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"Sounds are always useful, but a passenger cabin often is pretty isolated from any sounds that might be indicative of a problem.Smells, on the other hand, travel around quite freely, and some (e.g., fuel, hydraulic fluid, superheated bleed air) are pretty distinctive," Tom Farrier, a former director of safety for the Air Transport Association, wrote on.
The angle that light comes in through the window
Experienced pilots know that a sudden change in the angle of the light that comes through a cabin window can be the first sign that the pilot is changing course.
"An unexpected, significant shift in the angle of the Sun can be your first sign that a course change is being made," Farrier wrote.
Communication about delays
Many air travellers don't expect clear and timely explanations when their flight is delayed, but they should, according to Patrick Smith, a pilot and author of the air travel blog.
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"I get very frustrated when I'm on a plane and there's a delay or the plane just seems to stop on a taxiway and sit there for 25 minutes for no reason, and nothing is said. Or something is said in such a vague way that it only makes people more frustrated," he said in a phone interview with Business Insider.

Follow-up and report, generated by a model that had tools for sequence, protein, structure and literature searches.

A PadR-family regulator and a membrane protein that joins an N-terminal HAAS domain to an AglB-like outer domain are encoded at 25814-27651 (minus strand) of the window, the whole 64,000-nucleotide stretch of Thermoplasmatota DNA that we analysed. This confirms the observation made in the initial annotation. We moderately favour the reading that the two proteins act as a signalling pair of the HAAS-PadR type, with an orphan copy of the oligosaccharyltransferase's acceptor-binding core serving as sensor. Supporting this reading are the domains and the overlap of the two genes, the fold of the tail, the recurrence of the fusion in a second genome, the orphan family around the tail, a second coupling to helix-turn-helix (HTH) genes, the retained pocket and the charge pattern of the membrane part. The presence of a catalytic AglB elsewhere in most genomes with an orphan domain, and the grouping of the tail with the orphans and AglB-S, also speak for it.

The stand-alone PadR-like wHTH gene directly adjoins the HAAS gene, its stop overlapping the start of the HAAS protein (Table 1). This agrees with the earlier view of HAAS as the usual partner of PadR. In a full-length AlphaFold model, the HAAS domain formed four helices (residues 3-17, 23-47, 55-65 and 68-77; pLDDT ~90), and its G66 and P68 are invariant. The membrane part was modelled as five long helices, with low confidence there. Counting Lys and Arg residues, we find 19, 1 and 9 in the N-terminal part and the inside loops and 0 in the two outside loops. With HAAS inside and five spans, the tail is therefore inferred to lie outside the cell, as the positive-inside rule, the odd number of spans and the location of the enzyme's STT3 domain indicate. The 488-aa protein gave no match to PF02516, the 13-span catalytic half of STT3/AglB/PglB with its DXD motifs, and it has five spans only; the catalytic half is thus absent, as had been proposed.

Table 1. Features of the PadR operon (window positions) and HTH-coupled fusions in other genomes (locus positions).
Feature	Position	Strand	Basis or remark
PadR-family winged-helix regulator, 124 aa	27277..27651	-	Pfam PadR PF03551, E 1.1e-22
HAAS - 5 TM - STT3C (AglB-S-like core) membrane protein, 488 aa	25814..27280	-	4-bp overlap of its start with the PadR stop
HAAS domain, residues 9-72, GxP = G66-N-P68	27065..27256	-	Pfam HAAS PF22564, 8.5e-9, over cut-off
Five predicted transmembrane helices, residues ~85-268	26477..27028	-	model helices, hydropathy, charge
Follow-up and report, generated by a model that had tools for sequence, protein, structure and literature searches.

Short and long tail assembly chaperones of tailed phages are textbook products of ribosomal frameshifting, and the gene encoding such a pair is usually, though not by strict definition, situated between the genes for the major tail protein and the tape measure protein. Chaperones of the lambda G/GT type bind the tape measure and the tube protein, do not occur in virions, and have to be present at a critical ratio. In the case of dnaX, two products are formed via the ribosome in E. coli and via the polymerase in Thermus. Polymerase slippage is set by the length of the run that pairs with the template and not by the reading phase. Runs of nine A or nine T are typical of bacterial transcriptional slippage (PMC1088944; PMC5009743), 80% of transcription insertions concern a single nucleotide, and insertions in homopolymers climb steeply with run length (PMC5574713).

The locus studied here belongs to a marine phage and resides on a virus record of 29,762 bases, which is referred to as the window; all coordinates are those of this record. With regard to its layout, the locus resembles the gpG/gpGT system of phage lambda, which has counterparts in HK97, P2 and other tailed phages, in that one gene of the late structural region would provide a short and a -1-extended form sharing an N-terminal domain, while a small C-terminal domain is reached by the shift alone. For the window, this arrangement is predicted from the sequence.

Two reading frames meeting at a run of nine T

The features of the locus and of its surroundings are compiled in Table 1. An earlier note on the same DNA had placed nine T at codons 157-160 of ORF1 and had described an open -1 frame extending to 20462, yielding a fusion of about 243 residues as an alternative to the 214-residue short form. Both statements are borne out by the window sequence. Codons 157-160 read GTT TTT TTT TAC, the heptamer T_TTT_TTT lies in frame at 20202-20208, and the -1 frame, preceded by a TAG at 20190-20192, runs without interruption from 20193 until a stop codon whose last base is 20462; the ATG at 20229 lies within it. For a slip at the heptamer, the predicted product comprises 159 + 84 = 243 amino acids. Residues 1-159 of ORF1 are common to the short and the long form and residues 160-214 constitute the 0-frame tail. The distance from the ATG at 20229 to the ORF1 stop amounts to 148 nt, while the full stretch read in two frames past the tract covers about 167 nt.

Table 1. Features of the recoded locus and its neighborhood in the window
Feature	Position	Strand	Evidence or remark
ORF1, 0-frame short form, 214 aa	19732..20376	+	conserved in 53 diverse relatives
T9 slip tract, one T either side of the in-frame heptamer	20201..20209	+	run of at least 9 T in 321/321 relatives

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But it's not that the reasons for delays are too complicated for passengers to understand.
"It's always something that everybody can understand if you just use the right language and are patient enough and timely enough with it," Smith said.
The plane's landing routine
Pilots and flight attendants have precisely timed routines they use to get ready for landing. The announcements to put your seat and tray table in an upright position are familiar to most air travellers, but some pilots can predict the timing of this routine within a few seconds.